The debate over gender diversity making economic sense is “moving from the theoretical to the empirical”, according to Julie Bech (pictured), portfolio manager within the diversified equity team at Nordea and responsible for its Global Gender Diversity strategy.
The $225m fund only invests in companies demonstrating sustainability and a high level of
gender diversity and equality in management, which Bech states will lead to equal opportunities throughout the organisation.
On International Women’s Day, the portfolio manager shares with ESG Clarity what it is like to run a Global Gender Diversity strategy, various regions’ and sectors’ progress, engagement priorities and other positive trends.
What type of companies are you investing in for this fund? What are the key criteria?
When actively selecting investment opportunities, we look closely at gender diversity indicators. The level of diversity in higher leadership levels, promotion and career development opportunities, inclusion and the change in these gender diversity indicators are all considered to give us an indication of the level of diversity and inclusion (D&I) in the company, the areas it excels, and where it needs to step up. This information is also used in the engagement process.
The companies in our investment universe must all live up to a minimum threshold in relation to gender diversity. This threshold is based on gender diversity in higher leadership levels, as cultural change in an organisation needs commitment from the top. Breaking the glass ceiling and ensuring equal opportunities in top levels will benefit women throughout an organisation going forward.
The debate over the connection between gender equality and stock performance is rapidly moving from the theoretical to the empirical – as evidence mounts demonstrating gender diversity can indeed make economic sense.
See also: – Gender diversity progress on investment managers’ exec committees flagging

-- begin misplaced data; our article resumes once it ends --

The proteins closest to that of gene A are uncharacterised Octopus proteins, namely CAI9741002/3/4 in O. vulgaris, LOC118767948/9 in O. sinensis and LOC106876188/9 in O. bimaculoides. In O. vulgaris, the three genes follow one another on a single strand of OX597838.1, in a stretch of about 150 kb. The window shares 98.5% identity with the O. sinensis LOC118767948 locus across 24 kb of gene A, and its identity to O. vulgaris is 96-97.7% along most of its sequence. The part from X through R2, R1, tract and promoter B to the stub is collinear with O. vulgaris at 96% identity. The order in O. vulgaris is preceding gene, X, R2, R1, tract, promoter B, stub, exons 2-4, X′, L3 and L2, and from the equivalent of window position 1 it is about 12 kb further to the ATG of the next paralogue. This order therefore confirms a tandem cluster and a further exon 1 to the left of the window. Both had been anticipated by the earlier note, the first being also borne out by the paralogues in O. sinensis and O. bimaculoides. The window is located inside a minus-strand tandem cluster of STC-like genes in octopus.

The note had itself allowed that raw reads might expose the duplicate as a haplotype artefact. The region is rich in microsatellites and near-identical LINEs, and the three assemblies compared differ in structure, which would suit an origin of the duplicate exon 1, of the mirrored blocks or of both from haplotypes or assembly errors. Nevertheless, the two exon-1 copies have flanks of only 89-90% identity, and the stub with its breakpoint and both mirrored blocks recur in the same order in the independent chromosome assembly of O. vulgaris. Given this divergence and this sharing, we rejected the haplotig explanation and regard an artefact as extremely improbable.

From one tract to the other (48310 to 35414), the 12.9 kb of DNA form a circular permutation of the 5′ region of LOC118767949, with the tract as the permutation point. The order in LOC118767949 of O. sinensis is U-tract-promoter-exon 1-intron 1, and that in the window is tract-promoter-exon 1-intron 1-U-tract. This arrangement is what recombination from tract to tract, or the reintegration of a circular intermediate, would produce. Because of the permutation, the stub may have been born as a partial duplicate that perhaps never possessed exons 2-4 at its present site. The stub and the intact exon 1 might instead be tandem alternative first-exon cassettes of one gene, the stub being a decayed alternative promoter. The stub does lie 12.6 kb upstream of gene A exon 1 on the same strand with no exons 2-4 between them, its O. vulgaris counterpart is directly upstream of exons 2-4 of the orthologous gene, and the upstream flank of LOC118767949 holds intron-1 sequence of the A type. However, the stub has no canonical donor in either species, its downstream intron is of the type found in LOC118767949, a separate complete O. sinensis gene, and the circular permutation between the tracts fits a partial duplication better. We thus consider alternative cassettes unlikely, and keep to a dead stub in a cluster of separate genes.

How has gender diversity progressed in the different sectors you invest in?
The progress towards gender equality has historically been slow. Succeeding in gender equality requires, among others, changes in society norms and values, as well as in legislation. The obstacles are different from country to country and from industry to industry. That said, there are lots of things companies can do to speed up the process towards a more diverse and inclusive work culture.
Even though our aim is to be fairly region/sector neutral relative to the benchmark, we do have natural underweights, as it can be hard to find companies living up to our minimum standards in some areas. In Japan and emerging markets, many companies do not live up to our gender diversity standards. In terms of regions, our fund is overweight Europe and North America. In terms of sectors, we are overweight information technology and healthcare.
At stock level, many tech firms have come under scrutiny for gender discrimination, but Microsoft has been proactive to improve in this area over recent years. It continuously attracts the industry’s best talent by offering a strong combination of pay and benefits, as well as professional development. Further, Microsoft is a solid performer in relation to privacy and data security and has also committed to becoming carbon negative in 2030.
How do you engage and support companies on improving gender diversity? What do they need the most help with?
Nordea is supporting companies to deliver real change through engagement with them. The ongoing dialogue us to put forward our expectations on corporate behaviour, and to support companies to enhance sustainability performance.
The investment team is supported by Nordea’s broader responsible investments (RI) team, which engages with the companies held across all strategies. The RI team meets company management, and management visits are one of the several active ownership tools used in the engagement process. We also hold research meetings with other stakeholders to better understand a company’s ESG performance.
As mentioned, the business case for gender diversity is now well-documented. It is generally perceived as a driver of corporate value creation and as a competitive advantage. Groups increasingly recognise gender diversity is a major aspect to consider in order to remain competitive.
What are your key themes and priorities for portfolio holdings over the coming year?
Groups in general still have work ahead in terms of D&I and there is also room for new investment opportunities to arise. Gender diversity is still very much a competitive parameter. There are great bottom-up investment opportunities in groups displaying a high level of gender diversity and equality, as well as those showing a positive trend in increasing and promoting gender diversity and equality.
Speaking more broadly, one of the most significant milestones recently was the creation and distribution of the UN Sustainable Development Goals (SDGs). The SDGs have already played a big role in empowering society to achieve a more sustainable world. Although environmental elements have attracted most of the attention, as our understanding of sustainability evolves, we expect more focus to be paid on the social SGDs – including SDG 5, Gender Equality.
See also: – PRI: Improving diversity can help address climate change